The first step involved in bringing your creative intentions to life is ensuring that you send in print-ready files, containing all the necessary print marks.
Print marks are details added to files, depicting specifications such as:
Bleed – A bleed refers to the image beyond the final trim that will be cut off after the material has been printed and cut down. Bleeds are an important part of the printing process because even the smallest amount of mis-registration or knife draw could leave finished work with white edges. For those who hope to have a successful print job, ensure that images extend beyond the final size by 1/8”, and when exporting your print PDF, make sure bleed and crop marks are selected.
Crop marks – Crop marks refer to the tick marks positioned on the corners of your file that indicate final trim. Because we print on oversized paper with bleeds, these tick marks help to guide us when we are trimming the print job down to the final size.
PDF format – PDF stands for portable document format, and is the best format for printing. Here are the two main reasons that commercial printers prefer PDF:
- It contains everything your print provider needs – When you save a file in PDF, all the components that make up your document (color, fonts, etc.) are solidified within it, which eliminates the guesswork on the end of the commercial printing provider. What you send us is exactly what will be printed.
- It contains embedded fonts that eliminate issues – One of the most common issues related to printing is associated with the fonts contained within the document (e.g., incompatible versions, corrupted fonts, or missing fonts). Font issues tend to occur when you are using programs such as Illustrator or Adobe InDesign. A PDF mitigates these types of issues because all the elements of your design are embedded within the file.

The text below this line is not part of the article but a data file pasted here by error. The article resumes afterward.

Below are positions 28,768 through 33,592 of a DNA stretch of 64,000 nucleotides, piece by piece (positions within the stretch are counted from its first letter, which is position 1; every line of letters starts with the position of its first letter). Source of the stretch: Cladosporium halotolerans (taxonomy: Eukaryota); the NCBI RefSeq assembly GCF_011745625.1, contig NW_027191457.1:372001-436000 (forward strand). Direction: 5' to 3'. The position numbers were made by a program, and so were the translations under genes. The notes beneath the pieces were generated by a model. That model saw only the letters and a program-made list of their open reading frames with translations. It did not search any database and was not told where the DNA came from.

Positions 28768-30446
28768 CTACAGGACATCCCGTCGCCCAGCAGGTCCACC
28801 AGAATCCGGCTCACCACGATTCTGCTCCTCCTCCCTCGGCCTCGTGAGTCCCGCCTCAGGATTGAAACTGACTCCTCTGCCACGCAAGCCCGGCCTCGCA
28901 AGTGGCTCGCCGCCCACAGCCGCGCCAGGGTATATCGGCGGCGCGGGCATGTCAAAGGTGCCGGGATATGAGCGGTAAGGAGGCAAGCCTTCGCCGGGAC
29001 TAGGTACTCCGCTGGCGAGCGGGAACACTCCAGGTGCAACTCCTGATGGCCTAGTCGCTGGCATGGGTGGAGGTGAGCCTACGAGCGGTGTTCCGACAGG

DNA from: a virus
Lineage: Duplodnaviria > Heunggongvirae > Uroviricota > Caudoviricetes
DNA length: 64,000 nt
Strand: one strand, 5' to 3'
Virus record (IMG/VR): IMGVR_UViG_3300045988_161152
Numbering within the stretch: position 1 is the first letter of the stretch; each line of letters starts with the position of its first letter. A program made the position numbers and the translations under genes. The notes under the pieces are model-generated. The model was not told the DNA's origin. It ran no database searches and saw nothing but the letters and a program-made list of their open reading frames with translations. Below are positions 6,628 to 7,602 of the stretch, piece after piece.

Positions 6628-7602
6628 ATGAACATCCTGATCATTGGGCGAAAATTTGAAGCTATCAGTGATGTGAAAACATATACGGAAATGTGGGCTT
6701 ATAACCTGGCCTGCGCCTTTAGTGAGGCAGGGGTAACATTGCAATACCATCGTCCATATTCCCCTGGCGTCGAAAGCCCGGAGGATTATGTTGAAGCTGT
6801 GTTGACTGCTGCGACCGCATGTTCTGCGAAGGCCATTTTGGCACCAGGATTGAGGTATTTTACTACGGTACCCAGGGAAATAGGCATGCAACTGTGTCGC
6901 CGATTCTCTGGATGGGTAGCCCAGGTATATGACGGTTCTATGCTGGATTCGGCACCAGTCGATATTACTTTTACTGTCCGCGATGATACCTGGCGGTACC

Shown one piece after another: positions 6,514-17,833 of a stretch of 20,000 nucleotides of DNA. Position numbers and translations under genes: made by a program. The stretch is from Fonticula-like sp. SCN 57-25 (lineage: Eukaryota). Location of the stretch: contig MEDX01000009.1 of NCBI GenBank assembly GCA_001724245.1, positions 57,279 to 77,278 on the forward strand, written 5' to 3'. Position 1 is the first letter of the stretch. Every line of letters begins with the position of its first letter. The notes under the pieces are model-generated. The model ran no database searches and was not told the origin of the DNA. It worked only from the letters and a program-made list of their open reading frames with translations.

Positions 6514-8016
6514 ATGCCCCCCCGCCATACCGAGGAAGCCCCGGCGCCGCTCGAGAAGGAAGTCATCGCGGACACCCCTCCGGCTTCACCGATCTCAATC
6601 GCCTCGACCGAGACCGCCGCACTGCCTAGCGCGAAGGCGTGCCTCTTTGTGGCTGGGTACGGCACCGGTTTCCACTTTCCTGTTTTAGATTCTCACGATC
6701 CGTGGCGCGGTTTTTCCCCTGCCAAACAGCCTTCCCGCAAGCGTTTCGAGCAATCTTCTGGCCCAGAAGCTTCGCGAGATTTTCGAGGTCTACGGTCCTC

Regardless of the software, the process of converting your file into a PDF is pretty much the same. Simply click "File," then go to "save as” or “export," making sure that the crops and bleeds are included, and that images are not downsampled. Next, name your file, save it as a PDF, and you're all ready to go.
Here are step-by-step instructions on how to include Print Marks on your files, using various softwares.
How to Add Print Marks in Adobe InDesign
- Make sure images extend .125” beyond trim.
- Choose “File” and “Export...."
- Then choose format “Adobe PDF (Print)” and “Save."
- Use Adobe PDF Preset “High Quality Print," located at the top of the box.
- Finally, click “Marks and Bleed” on the side, and then under Marks, click on Crop Marks and Bleed (.125” on all sides).
How to Add Print Marks in Photoshop
- Make sure the image extends .125” beyond trim.
- Go to “Save As."
- Select “Photoshop PDF" from the drop-down menu.
How to Add Print Marks in Microsoft
- Click "Page Design."
- Click "Size" then "Page Setup."
- In the "Page Setup box", under "Page," you have the option to select one of the page dimensions listed or customize your page size by entering your own width and height.
- Go to File, then click "Print," followed by "Advanced Output Settings."
- Under Printer's Marks, select "Marks and Bleeds," then select the "Crop marks" box.
- Under "Bleeds," click both "Allow bleeds" and "Bleed marks".
The marketing professionals at Ironmark specialize in print services, ranging from digital print to signage and large format print. If you have any questions regarding the services we provide, please contact Ironmark to speak with one of our print experts today.